Temasek Holdings has responded to the National Solidarity Party's call for more transparency from Singapore's two sovereign wealth funds, Temask and the Government Investment Corporation (GIC).
In a letter sent to the media clarifying a Straits Times report, corporate affairs director Serena Khoo said Temasek does not manage or invest any money from the Central Provident Fund (CPF) or Singapore's foreign reserves.
"Temasek is a responsible long term investor with reporting standards that well exceed globally recognised yardsticks such as the Santiago Principles, which were jointly developed by sovereign investors and the IMF," she noted, terming NSP secretary-general Hazel Poa's statements "misleading".
On Monday, Poa called for Singapore's next elected President to champion for more transparency from Temasek and GIC as this relates to "the management of our reserves".
"It is a disturbing state of affairs when Temasek with about 400 employees can report an $8 billion administrative expense without incurring significant public scrutiny."
"$8 billion is more than one-sixth of our national budget," she said.
Khoo said Poa was "mistaken" about the expense on two counts: The group administrative expense was $7 billion last year and not $8 billion, which was reported for the year before.
"This also included expenses of subsidiary companies such Singapore Airlines, PSA, and others, and not for Temasek Holdings only," she noted.
"We take this opportunity to reassure our broader public as well as Ms Poa, that we are keen to expand our stakeholder base in a responsible, prudent and measured manner."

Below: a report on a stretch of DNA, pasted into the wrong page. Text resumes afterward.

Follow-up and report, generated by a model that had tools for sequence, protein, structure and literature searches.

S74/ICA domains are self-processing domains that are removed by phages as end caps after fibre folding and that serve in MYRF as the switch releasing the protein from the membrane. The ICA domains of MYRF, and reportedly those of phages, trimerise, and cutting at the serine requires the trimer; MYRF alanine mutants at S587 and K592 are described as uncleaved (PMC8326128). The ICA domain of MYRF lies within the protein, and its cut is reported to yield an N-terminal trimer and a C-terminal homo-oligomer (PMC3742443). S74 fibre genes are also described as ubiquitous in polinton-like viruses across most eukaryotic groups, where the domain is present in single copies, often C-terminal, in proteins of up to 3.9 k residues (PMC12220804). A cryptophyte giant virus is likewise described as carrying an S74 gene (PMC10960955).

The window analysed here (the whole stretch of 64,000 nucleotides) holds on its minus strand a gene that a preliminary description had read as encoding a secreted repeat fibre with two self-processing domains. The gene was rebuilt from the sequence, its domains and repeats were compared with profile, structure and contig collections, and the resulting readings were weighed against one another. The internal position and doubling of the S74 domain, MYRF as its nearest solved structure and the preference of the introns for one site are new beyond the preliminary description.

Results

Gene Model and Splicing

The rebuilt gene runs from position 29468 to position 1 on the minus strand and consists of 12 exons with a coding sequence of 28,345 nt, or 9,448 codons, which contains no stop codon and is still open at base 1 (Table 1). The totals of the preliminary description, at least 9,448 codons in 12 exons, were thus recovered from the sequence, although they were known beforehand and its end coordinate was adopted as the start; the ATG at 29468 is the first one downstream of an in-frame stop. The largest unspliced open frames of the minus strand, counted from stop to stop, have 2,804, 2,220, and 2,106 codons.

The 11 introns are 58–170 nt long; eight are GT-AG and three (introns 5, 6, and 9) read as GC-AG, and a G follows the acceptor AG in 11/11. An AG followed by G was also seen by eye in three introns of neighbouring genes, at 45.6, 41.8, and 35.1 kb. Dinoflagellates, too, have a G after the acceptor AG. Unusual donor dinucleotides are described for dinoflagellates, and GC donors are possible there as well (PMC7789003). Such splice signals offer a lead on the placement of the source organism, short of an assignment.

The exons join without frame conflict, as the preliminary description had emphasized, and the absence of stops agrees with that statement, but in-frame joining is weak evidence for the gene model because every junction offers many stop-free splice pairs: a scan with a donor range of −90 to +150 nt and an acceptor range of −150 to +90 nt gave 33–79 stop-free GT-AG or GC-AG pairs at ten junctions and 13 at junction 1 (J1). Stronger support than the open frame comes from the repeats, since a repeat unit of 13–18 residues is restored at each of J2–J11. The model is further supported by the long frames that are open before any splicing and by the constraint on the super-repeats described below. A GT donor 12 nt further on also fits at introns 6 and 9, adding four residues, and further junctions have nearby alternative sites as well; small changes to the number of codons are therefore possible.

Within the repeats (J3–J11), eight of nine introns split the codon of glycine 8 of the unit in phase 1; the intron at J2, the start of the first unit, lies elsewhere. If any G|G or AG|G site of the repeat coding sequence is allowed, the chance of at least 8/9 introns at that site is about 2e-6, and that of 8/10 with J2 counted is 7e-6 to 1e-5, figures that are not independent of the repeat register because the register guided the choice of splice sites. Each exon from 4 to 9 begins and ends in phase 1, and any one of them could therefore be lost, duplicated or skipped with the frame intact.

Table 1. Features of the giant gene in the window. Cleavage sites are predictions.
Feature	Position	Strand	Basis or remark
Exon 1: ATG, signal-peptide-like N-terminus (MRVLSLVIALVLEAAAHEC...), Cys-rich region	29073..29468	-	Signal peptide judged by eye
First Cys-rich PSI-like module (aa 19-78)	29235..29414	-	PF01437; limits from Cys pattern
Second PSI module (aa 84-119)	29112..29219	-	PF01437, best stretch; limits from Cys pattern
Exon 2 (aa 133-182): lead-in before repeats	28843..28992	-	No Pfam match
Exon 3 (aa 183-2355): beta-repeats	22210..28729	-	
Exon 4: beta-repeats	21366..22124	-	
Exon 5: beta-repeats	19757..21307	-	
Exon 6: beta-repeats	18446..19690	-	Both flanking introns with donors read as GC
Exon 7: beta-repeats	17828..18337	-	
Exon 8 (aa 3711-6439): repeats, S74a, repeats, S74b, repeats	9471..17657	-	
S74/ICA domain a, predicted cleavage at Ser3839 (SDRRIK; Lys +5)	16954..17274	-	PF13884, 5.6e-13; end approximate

Khoo pointed to the annual Temasek Review report, available online, which a summary of the company's key financials, investment returns to shareholders and other relevant details.
Highlights from the report were published in local newspapers last year. This year, highlights were published in 11 local and international newspapers, such as The Straits Times and Financial Times, as well as online news portals such as Yahoo! News, she said.
According to Temasek's group income statement, its administrative expense was $8 billion in 2009, $8.7 billion in 2010 and $7.3 billion in 2011.
Its revenue was $79.6 billion (2009), $76.7 billion (2010) and $83.5 billion (2011), while its total profit was $9.0 billion (2009), $6.8 billion (2010) and $15.8 billion (2011).
In a statement to the press on Monday, Poa compared Temasek's and GIC's rates of return per annum with rates from the Central Provident Fund (CPF). She argued while Temasek Holdings claims yearly returns of 15 per cent over 20 years, CPF only pays out 2.5 per cent.
"We can see from the paltry interest rates offered by CPF, Singapore taxpayers neither enjoy full disclosure nor noticeably remarkable returns," said Poa.
Poa called for greater public awareness of relevant benchmarks such as Malaysia's Employees Provident Fund, which guarantees a minimum return of 2.5 per cent and delivered a 4 to 8 per cent return annually since 1960.
Poa also pointed to Norway's sovereign wealth fund as being successful and yet transparent with its citizens.
"There is a world of difference between GIC being transparent to stakeholders on one hand, and foolishly telegraphing its investment strategy to competitors," she said.
While the party acknowledged the ministerial salary review is a step in the right direction, it also asked Members of Parliament and their immediate relatives to disclose compensation they might be receiving from Temasek, GIC or similar organization.
"With so many PAP MPs also juggling multiple, sometimes dozens, of directorships and consultancies, it is clearly in the public interest to know who else is paying their MPs and for what purposes," said Poa.
She believes better finanicial transparency is the best way to serve Singaporeans.
When asked on Monday, Presidential candidate Tan Cheng Bock said he supports having more transparency financially. He could promote this through his proposed annual statement from the President, he said.